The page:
Hippocampus Denise Seahorse
(image via: National Geographic)
The Hippocampus denise seahorse is no bigger than most human fingernails at about 16 millimeters from the its snout to the tip of its tail. It’s so small that experts had previously believed it to be the young of the next smallest seahorse species, the Hippocampus bargibanti. It’s hard to even discern most Hippocampus denise seahorses from the coral they live in off the coast of Indonesia.
(image via: National Geographic)
It resembles the Philippine Tarsier, but the Mouse Lemur of Madagascar is officially the smallest primate in the world at 2.25 to 4.75 inches. They rarely leave the trees they live in and are nocturnal, so it’s not too surprising that of the eight Mouse Lemur species, several were just recently identified. They’re endangered due to the loss of their limited forest habitat.
Pink Fairy Armadillo
(image via: Nick Baker)
Okay, so maybe this one isn’t adorable at all. When you hear the words “pink fairy”, you probably don’t immediately think of a burrowing mammal with rough pink armor and creepy long nails. The pink fairy armadillo is a rather strange creature, and isn’t seen very often. It’s the smallest armadillo and the only one with a dorsal shell that’s almost completely separate from its body. It lives in the dry grasslands and sandy plains of central Argentina and measures 3.3 to 4.6 inches.
Monte Iberia Eleuth Frog
(image via: Culture Quest)
Another tiny creature that was only recently discovered is the Monte Iberia Eleuth Frog, which was discovered on a mountain in Cuba. Specimens that measure just 8.5 millimeters have been found, putting it in the running for the title of world’s smallest frog. The current record holder, the Brazilian gold frog, measures about 9 millimeters. Very little is known about the Monte Iberia Eleuth other than the fact that it’s critically endangered.
Mr. Peebles, World’s Smallest Cat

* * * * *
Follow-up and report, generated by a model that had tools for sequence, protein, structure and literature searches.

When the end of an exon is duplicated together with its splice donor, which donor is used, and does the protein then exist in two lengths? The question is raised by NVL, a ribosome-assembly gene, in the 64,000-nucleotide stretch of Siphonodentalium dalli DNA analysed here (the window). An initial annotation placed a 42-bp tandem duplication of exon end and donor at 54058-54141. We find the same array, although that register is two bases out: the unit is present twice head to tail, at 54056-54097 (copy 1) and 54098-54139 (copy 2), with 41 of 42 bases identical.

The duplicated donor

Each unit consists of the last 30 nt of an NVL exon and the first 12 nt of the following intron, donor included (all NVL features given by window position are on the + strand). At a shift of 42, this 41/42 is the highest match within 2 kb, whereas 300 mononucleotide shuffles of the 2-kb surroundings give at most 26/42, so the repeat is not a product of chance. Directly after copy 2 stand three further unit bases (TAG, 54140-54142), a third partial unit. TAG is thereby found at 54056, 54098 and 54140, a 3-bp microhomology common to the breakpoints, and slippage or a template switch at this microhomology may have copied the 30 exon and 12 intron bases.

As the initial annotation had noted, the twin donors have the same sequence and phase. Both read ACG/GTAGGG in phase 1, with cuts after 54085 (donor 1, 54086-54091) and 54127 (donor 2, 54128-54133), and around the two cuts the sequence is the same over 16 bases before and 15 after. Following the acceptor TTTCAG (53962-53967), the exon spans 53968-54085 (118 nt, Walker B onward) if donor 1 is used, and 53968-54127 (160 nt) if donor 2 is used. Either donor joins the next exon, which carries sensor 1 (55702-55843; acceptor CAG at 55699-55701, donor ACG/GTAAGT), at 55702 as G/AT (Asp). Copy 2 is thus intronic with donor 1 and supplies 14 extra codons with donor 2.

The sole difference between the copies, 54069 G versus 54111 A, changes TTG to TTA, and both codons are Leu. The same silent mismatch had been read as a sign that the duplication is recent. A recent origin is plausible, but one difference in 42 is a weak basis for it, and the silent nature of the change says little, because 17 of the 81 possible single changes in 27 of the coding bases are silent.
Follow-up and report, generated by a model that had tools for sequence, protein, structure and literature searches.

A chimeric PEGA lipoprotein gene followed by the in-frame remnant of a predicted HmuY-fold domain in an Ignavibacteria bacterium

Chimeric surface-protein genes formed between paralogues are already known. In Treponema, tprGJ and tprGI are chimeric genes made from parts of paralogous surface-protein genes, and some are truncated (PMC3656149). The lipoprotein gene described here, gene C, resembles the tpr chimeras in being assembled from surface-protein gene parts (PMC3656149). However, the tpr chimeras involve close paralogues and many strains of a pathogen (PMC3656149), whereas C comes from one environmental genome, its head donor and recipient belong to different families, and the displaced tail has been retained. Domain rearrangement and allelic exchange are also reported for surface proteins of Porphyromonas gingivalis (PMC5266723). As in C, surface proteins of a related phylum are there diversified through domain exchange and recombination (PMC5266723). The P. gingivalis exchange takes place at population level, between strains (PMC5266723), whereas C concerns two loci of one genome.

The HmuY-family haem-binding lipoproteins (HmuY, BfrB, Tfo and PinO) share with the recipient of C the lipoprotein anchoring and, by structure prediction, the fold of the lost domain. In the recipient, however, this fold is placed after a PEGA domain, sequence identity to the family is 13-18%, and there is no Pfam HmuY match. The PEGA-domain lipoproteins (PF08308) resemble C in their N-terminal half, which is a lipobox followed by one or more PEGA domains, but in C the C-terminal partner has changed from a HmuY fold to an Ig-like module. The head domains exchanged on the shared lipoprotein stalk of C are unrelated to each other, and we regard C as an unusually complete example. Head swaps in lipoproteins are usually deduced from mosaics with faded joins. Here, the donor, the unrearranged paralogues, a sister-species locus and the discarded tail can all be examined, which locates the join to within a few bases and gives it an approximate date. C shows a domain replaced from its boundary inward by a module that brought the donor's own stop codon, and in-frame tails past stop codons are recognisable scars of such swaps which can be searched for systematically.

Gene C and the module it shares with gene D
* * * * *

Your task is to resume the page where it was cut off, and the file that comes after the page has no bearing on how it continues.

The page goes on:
(image via: The Sun + CVM.Missouri.edu)
In addition to incredibly small species, there are also the occasional tiny specimens of species that are generally much larger. Among them is Mr. Peebles, deemed by the Guinness Book of World Records as the smallest living cat. When this photo was taken Mr. Peebles was two years old, weighed just over two pounds, measured about 5 inches long and fit perfectly into a pint glass. Mr. Peebles has a genetic defect and must be fed at least four times a day to sustain his weight.
Ducky, World’s Smallest Dog
(image via: Chicago Tribune)
At just 1.4 pounds and 4.9 inches tall, Ducky the Chihuahua is the world’s tiniest dog. Ducky is three years old and easily beat the previous record holder, another Chihuahua who stood at 5.4 inches tall, but is by no means the smallest adult dog ever recorded. That honor belongs to a dwarf Yorkshire terrier who reached just 2.8 inches.
Peewee, World’s Smallest Hamster
(image via: BBC News)
Peewee is an adult hamster that measures less than an inch in length and weighs less than an ounce. Compared to a normal-sized hamster, Peewee practically looks like a newborn. His owner believes he just stopped growing around three weeks old and says he has a massive appetite, squeezing in between his brothers and sisters to get his fill.
Thumbelina, World’s Smallest Horse
(image via: World’s Smallest Horse)
The world’s smallest horse is just 17 inches tall, barely larger than a house cat. Born on a farm owned by a couple who breeds miniature horses, Thumbelina was tiny even compared to the rest of the couple’s horses, who typically reach about 34 inches in height when fully grown. She weights just 60 pounds and her size has been attributed to dwarfism, making her “a miniature of a miniature”.